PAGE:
It seems so nice, doesn't it? You're desperate to get a first job in the arts - working in a gallery, or front of house in a theatre, or as a runner for a TV or film company - anything, just so long as it's a first rung on the ladder. You've applied for job after job and not even got an interview.
And then an aunt, or a cousin, or maybe a school friend of your father who lives in London sorts out a place for you. The only downside? It's a six month unpaid internship. If you can possibly afford to live without pay for that long, you take it. Of course you do.
Sadly, that's the pattern for thousands of young people today. The trouble is, it's a pattern that has played a pernicious role in the arts and the whole of the creative industries. It means that the only people who can afford to start out in the arts are those with families who can support them financially. It means that personal connections rather than talent are the deciding factor in whether people get on. It means that many thousands of young people view the arts as an impossible career option for them. It makes the media sector something of a self-perpetuating circle of friends and acquaintances, which in turn means that British film, TV, theatre and video games lose out on exceptional talent from working class and BAME backgrounds.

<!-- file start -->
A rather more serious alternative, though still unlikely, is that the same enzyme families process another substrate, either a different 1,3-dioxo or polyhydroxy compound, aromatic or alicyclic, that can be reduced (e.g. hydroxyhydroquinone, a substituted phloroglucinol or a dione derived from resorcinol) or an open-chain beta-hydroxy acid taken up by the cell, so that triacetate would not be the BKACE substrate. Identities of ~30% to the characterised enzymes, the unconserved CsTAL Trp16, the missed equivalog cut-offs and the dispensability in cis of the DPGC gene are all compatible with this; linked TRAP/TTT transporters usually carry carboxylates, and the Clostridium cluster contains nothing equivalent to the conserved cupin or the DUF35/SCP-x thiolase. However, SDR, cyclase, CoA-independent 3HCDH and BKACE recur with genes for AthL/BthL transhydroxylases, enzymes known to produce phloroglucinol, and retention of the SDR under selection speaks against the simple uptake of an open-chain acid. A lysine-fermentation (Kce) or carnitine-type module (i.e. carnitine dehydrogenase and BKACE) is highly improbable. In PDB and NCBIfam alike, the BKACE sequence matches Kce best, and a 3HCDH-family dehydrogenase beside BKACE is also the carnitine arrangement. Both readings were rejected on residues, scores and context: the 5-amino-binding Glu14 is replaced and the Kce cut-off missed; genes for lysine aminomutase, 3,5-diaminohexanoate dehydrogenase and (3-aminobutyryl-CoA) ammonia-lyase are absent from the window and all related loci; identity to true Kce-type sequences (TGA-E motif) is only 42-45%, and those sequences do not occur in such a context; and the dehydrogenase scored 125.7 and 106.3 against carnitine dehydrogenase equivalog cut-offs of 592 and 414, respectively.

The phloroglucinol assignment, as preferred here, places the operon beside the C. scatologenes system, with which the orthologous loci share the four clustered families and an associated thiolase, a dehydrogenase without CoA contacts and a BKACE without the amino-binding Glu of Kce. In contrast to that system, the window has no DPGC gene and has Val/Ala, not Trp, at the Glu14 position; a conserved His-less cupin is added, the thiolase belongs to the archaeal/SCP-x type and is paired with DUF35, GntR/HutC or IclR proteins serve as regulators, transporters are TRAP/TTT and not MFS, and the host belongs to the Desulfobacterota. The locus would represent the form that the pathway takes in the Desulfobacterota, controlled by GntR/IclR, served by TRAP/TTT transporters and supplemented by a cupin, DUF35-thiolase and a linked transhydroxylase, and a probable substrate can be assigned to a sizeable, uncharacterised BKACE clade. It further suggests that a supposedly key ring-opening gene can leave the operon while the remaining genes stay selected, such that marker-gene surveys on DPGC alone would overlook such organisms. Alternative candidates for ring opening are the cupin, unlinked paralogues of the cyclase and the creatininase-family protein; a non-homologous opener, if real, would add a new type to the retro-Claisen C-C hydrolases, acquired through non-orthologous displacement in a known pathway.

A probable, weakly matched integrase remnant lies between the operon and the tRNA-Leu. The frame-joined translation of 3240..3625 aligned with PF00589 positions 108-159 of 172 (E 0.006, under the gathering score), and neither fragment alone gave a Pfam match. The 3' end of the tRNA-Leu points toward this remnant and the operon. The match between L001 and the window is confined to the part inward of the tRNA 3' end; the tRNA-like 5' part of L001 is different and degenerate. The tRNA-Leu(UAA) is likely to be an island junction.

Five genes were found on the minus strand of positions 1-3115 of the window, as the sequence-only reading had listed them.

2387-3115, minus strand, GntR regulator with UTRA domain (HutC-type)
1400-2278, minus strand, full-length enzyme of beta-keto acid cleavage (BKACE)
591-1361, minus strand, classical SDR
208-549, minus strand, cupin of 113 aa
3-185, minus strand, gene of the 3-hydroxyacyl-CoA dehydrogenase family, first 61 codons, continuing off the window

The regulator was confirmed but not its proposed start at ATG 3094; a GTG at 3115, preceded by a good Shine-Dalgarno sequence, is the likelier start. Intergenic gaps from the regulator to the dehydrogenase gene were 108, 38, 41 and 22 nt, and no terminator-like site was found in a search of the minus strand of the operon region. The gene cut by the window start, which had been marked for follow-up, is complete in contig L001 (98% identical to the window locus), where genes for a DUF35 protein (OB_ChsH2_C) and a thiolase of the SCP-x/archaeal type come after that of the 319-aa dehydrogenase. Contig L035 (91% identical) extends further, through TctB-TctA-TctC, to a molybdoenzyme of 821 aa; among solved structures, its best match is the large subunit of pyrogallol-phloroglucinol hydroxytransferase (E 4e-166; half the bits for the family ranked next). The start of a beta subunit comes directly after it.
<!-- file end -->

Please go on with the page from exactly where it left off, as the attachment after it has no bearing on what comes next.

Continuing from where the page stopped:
When the first ladder in a career in the creative industries requires a financial leg-up, it is little wonder that it was almost impossible to spot a black face at the BAFTA and Olivier Awards ceremonies this year.
That's why it is so important that we put an end to long-term unpaid internships. Of course a work or college placement or a short work experience programme is different, but for anything longer than four weeks interns should be able to expect that they will be paid. They are employees and employers.
We want to go further, too. We will help arts organisations take on apprentices and we are keen that our Universal Jobs Guarantee for any young person out of work for a year or more will also apply to the creative industries. That will not only give young people their first job in the arts but help organisations grow with a six-month government funded post.
Some of the effects of the policy we have announced will not be felt immediately. But if we are to ensure that everyone gets a fair chance to get on in the arts, we have to end the nepotism and unpaid internships. And I believe that in the end we will all see the benefits in terms of a wider participation in the arts of people from every background, opening the arts up to new audiences, and enhancing the vibrancy of our national culture and heritage.